"In God We Trust" first appeared on U.S. coins during the Civil War in 1864. Nearly a hundred years later, in 1956, an act of Congress made it the national motto. It began appearing on paper currency the following year, in 1957. So it's ascendancy is directly related to two wars, one hot, one cold, but both desperate. Perhaps "There are no atheists in foxholes" didn't have the right ring to it?
"E pluribus unum," on the other hand, was never the official motto, but it did appear on the official seal of the United States, and has since 1782. Interestingly, it's inclusion on the official seal emerged from a recommendation by a committee of Founding Fathers, who had gathered in 1776 no less to craft the symbols of the new nation.
So if we're going by strict constructionism, then, "E pluribus unum" wins the national motto game hands down. But of course our legal body is a flexible thing, changing with the times. So we've got "In God We Trust."
But "E pluribus unum" makes more sense in another historical way too. Most of the Founding Fathers were Christians of some sort or another, and most believed that a religion of future rewards and punishments was a vital part of 18th-century statecraft, but they almost to a man believed that there were more types of religion in the United States than could be described and upheld by a national body. After all, when Ben Franklin asked for a moment of prayer to help ease a particularly thorny debate in the Constitutional Convention, only three or four Founding Fathers thought it was a good idea. Instead, we got the First Amendment.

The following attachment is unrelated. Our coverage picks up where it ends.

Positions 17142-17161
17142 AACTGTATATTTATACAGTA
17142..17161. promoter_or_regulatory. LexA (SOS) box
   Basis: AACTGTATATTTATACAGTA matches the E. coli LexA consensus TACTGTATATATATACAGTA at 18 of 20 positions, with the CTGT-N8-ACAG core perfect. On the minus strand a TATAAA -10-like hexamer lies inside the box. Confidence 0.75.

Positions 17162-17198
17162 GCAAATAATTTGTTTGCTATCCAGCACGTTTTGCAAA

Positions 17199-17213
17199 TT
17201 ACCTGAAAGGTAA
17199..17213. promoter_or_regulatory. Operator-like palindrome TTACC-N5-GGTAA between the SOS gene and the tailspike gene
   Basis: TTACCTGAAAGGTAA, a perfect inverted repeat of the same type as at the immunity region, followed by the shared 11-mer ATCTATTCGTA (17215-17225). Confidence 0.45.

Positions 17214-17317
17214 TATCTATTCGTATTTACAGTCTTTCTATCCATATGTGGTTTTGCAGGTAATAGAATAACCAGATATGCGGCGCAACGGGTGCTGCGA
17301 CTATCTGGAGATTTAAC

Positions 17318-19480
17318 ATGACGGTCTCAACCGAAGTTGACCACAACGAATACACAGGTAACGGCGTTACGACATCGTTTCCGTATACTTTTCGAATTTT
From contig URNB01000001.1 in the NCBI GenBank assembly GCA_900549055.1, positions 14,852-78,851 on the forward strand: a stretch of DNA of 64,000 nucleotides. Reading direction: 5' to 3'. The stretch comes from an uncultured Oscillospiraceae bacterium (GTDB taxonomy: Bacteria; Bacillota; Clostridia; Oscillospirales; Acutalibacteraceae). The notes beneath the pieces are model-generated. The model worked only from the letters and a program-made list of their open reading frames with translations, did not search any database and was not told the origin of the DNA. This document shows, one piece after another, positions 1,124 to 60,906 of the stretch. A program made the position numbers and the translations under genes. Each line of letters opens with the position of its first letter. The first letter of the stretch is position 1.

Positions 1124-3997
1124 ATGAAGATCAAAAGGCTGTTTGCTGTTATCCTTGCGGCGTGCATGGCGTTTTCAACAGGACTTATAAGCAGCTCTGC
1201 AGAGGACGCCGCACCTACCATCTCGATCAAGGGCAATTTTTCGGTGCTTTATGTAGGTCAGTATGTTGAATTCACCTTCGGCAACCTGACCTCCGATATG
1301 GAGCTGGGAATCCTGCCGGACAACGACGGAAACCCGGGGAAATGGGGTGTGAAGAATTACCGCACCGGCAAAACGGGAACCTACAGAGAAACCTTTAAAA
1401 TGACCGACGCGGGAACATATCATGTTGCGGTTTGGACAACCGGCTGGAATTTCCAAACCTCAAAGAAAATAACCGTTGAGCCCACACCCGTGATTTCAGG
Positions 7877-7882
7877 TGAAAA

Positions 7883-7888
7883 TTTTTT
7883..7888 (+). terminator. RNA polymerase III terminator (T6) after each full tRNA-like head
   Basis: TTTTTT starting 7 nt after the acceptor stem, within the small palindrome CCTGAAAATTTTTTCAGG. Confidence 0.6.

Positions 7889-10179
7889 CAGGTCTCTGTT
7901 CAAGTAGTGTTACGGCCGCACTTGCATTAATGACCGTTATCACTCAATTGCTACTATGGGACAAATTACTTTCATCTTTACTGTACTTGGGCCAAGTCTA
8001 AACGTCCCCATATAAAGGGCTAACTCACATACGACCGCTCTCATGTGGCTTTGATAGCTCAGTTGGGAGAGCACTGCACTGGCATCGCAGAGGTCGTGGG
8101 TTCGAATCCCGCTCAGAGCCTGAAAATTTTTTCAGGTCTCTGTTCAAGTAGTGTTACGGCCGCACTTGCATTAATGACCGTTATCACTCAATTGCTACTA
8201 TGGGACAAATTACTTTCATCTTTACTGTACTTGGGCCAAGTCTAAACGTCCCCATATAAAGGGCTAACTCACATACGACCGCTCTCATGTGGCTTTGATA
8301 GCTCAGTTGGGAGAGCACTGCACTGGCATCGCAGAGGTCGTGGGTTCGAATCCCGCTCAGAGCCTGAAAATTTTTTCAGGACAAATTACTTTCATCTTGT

Perhaps last week's congressional vote to reaffirm the national motto as "In God We Trust" is just another reminder that those trying to prove America's distinct Christian heritage and mission are more interested in winning for souls for Jesus than in understanding the past. Or maybe the War on Christmas really is a real thing. Indeed, there are no atheists in the North Pole.